Menstruation is a normal part of life, but it is often not discussed and even less so, researched. Try researching menstruation and PD and you will be shocked to find how little studies have been published! Research is lacking in most women specific symptoms related to PD. Some studies report 3-5% of women diagnosed with PD are under the age of 50, but it is suspected that many more are undiagnosed due to the varying clinical presentation and the different presentation between men and women. Even though this number may seem small, the issue they face regarding their menstrual cycle is not.
Impacts of menstruation
Studies have shown that 11 out of 12 pre-menopausal women with PD experience worse motor and non-motor symptoms both before and during their menstrual cycle. One survey reported 83% of women experienced worsening period symptoms after their young onset Parkinson's disease diagnosis. Many women with Parkinson's share that their medication is not as effective or does not work during their period. Many women report an increase in pain, fatigue, worsening of mental health, increase in tremor, dyskinesia, and rigidity. Other women experience changes in their body image; some feeling unattractive and some changing the way they dress.
What can you do to help
Change in Levodopa timing
Although this hasn't been heavily researched, some studies do show that taking an hourly dose of Levodopa when you have your period can help reduce motor fluctuations .
Hormone Replacement Therapy (HRT)
HRT is commonly used to help women with symptoms of menopause, but it is not limited to just those women! HRT helps increase your progesterone and/or estrogen levels. Estrogen levels tend to decrease during menstruation. HRT can keep your levels a bit more stable to help reduce a worsening of symptoms.
Birth control is not the same as HRT, but both are used to reduce any hormone fluctuations. The goal of birth control is to stop ovulation while HRT suppresses ovulation, so the dosage is much higher. High levels of estrogen does increase your risk of a blood clot and heart disease, so make sure you talk with your doctor about what type of hormone and how much is right for you.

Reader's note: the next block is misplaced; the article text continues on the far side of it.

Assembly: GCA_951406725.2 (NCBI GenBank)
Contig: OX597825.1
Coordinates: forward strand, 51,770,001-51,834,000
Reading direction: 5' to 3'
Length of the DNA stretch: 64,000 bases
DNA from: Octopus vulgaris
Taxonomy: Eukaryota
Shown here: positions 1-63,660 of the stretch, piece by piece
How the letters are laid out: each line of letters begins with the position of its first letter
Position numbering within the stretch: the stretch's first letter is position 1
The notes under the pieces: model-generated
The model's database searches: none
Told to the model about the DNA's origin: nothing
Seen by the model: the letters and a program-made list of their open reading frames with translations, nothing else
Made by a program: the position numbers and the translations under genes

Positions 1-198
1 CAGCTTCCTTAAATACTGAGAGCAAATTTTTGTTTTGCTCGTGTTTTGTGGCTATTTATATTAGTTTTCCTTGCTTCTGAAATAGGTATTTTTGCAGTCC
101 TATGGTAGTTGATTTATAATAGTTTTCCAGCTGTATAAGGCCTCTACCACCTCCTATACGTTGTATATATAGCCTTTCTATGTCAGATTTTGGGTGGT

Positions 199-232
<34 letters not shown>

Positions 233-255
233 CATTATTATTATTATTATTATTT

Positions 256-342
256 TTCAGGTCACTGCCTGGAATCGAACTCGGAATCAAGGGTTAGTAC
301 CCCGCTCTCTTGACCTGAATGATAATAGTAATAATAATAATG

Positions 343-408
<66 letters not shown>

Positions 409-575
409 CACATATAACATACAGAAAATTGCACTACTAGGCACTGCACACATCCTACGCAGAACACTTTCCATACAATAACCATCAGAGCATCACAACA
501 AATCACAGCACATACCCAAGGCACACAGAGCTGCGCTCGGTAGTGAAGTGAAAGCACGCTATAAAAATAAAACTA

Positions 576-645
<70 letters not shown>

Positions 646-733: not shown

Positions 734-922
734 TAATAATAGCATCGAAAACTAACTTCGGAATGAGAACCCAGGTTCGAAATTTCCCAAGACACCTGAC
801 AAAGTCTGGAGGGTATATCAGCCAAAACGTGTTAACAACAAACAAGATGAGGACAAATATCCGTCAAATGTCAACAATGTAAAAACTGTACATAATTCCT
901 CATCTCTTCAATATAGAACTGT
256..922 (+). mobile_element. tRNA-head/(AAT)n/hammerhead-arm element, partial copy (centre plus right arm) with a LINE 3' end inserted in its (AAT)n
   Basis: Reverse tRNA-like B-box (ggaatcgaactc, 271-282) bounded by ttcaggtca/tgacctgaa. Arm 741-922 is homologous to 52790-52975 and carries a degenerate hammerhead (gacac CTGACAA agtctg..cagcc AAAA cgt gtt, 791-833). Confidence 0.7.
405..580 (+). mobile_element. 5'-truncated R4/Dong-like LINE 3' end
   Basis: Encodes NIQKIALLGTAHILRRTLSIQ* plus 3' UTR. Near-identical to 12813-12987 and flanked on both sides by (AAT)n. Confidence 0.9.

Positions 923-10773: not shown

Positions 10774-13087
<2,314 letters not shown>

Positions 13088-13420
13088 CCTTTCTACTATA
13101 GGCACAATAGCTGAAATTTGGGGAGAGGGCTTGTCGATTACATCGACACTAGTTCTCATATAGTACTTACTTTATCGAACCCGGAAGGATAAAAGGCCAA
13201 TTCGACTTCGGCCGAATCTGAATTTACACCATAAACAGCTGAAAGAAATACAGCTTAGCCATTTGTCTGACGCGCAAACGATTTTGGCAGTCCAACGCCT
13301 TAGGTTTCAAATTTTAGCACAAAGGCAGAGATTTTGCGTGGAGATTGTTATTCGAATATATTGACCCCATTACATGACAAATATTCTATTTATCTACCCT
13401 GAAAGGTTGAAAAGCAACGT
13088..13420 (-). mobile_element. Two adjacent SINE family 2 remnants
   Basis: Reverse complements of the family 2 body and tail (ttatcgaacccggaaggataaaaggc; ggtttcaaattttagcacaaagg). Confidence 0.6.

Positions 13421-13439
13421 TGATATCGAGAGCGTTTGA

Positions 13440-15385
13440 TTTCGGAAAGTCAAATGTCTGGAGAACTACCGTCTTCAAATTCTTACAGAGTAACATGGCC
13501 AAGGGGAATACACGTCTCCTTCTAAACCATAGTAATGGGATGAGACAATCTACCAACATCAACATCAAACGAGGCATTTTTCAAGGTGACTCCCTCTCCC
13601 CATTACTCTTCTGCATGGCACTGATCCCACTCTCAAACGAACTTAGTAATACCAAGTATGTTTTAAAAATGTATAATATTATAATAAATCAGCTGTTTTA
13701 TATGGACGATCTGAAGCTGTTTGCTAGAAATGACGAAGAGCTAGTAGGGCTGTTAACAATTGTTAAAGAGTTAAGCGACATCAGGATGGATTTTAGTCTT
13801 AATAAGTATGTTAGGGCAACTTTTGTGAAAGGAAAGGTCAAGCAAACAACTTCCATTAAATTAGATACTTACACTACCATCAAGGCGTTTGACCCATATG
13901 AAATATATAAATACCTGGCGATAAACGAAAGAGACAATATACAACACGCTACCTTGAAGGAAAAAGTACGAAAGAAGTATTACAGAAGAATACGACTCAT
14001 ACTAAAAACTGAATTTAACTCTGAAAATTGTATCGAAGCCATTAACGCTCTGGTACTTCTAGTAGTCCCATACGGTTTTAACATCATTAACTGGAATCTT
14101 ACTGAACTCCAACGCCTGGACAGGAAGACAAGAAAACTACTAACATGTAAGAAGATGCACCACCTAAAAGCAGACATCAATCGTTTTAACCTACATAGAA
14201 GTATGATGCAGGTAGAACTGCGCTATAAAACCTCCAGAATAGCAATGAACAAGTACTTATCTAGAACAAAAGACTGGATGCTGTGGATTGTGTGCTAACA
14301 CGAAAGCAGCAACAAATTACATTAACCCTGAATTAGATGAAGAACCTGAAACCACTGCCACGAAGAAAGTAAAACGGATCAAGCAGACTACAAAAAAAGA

If you are experiencing worsening of motor symptoms, changing pads, tampons, and cups can be really challenging. Try using period underwear instead! This elevates the frustration and difficulty with any fine motor tasks that are involved with your period.
Plan ahead, especially with your care partner
Keep track of your cycle and alter your responsibilities during PMS and during your period. Make sure you talk and plan with your care partner. Having extra help during your period may really make a difference in your mental stress and fatigue levels.
Keep a diary
Menstrual cycles can be impacted by many different aspects of our lives - diet, stress, sleep, exercise, etc. Keep track of what you are eating, how you are sleeping, and your activity level during your PMS and period. This can help determine if there are certain triggers that may exacerbate your symptoms or contribute to greater hormone fluctuations.
See a professional
A therapist or other mental health professional may be needed during menstruation to help handle those mental health changes.
Talk with your Gynecologist about your pelvic health and what treatment options are available to you. It may be hard to find a Gynecologist that is well informed about PD. Make sure your Gynecologist and Neurologist work as a team and are really willing to listen and take the time to find the right treatment for you.
The very limited research in women with PD makes this a hard topic to cover, and many health care professionals may feel like they are not equipped to help because there is not research. All too often, people with PD need to be their own advocate and fluctuations in symptoms that are linked to menstruations may be one of those times. Make sure you are talking about this with your doctor and make sure they listen. The more conversations we have, the more researchers will see a need to search for answers.